Rinpoche? essential nectar or advice comes from his inexhaustible wisdom and compassion for everyone. Reading these negative letters about Rinpoche, I am reminded of someone trying to shoot an arrow at a target in a starless night. There is no aim, only confusion.
I would like to take this opportunity to share my limited Dharma view and experience. In general, sentient beings·afflictive emotions and karma are inconceivable. In the same way, Buddha? wisdom and compassion are inconceivable. Due to the connection between these two, Buddhas and bodhisattvas emanate unobstructedly, impartially, and unceasingly for beings·benefit. Buddhas appear in inconceivable forms according to sentient beings·varying energies and mental proclivities. It is beyond the capacity of our limited minds to grasp the entire picture. In a famous Buddhist teaching, Buddhas were shown to appear as mountains, trees, water, a bridge, a boat, as the most revered sublime teachers, and as the most disdained butchers or prostitutes, emanating in whatever form is beneficial for beings in order to lead them to liberation. When I was a child studying Buddhism in Tibet, I could understand that many things could be an emanation of Buddha, but I could not imagine that this could be true of a butcher. My father, however, showed me that while for those with faith, teachers appear, for those who have no faith in Buddha, other emanations appear. He told me a story about one of his teachers, a Lama who emanated two tulkus, one a Lama and one a butcher. When it was time for the Lama to die, he asked his attendant to send a message to the town butcher to hurry up, that the Lama was waiting for him. The butcher replied, ?ell the Lama to wait a little. I? expecting a special guest. As soon as I meet her, I will come immediately.·As the messenger was leaving, a man brought a female yak to be killed. As soon as he killed her, the butcher himself died. When the messenger returned, the Lama had also died. Their life forces were connected in this way. This butcher was the emanation of an enlightened being with the power to liberate each being as it was killed. While the Lama and the butcher? activity appeared to be opposite, actually it was the same ·to liberate beings from samsara. I understood then that it is impossible from a limited point of view to determine what is enlightened Buddha activity. Our own confusion mind never ends, so we must rely on a teacher, someone who has himself gone beyond limited dualistic mind and can show us the path.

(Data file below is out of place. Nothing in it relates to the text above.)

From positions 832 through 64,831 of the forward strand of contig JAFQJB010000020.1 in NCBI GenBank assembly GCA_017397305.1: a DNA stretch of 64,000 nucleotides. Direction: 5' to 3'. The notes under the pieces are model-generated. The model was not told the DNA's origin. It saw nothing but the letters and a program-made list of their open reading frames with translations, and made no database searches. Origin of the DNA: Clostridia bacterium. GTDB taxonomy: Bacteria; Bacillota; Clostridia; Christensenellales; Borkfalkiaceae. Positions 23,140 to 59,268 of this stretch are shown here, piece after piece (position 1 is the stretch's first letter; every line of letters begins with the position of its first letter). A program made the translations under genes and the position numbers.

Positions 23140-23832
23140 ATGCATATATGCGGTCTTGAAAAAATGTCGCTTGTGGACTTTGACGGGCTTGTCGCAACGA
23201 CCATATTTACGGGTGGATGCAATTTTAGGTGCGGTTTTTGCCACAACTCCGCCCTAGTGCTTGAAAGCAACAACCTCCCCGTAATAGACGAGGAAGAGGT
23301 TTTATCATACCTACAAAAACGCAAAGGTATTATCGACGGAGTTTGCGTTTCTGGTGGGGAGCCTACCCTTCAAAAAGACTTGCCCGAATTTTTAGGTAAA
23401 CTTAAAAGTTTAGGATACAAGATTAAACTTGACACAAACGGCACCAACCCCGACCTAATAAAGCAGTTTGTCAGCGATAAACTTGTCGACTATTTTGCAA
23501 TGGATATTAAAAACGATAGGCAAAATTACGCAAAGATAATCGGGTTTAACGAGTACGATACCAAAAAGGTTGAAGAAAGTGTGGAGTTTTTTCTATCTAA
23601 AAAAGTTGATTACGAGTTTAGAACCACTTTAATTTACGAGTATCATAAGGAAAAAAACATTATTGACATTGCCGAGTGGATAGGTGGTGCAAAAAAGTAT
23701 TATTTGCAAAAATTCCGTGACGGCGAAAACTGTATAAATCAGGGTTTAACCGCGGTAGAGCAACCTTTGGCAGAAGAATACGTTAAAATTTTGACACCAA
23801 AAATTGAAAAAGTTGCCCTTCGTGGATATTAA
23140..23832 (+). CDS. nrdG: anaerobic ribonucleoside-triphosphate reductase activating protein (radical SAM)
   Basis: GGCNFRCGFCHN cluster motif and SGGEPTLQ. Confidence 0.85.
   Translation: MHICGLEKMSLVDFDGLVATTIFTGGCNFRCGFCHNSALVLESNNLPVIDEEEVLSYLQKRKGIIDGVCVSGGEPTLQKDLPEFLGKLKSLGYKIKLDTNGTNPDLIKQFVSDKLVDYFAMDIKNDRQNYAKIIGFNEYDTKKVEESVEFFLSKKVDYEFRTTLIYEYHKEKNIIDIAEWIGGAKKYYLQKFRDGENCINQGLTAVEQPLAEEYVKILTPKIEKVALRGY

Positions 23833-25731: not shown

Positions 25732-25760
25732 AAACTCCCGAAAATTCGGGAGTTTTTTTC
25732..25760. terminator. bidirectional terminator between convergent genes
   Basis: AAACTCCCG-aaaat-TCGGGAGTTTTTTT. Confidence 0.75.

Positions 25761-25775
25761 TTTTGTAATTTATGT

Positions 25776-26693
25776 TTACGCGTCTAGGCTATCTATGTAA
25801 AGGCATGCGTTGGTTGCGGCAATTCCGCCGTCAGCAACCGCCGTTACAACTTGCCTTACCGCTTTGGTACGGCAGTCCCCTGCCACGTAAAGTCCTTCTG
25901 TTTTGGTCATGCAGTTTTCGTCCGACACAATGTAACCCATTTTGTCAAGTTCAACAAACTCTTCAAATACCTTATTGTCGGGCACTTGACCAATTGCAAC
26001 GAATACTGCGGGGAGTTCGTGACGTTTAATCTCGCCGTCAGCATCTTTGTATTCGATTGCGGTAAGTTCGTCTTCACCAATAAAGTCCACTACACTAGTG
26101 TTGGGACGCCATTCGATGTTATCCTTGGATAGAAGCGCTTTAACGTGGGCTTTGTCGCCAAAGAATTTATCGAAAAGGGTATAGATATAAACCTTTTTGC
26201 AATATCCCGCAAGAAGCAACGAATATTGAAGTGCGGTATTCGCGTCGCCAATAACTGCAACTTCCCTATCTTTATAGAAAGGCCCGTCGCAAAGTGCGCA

Ordinary sentient beings do not have the innate capacity to choose enlightened teachers, like those uneducated in jewels don? have the ability to distinguish between diamond and glass. However smart we are, it is impossible to use intellectual dualistic mind to realize non-dual wisdom mind. We must rely on a wisdom teacher because, although we have Buddha nature, ultimate wisdom does not exist in our dualistic minds. Samsaric ego always tries to protect itself, and will trick us into thinking that we have gone beyond dualistic mind when we have not.
Although we intrinsically have Buddha nature, without a teacher, it is like churning water to get butter ·it won? happen. Of course, this teacher can be male or female, Asian or Western or from any country because realization is not related to culture.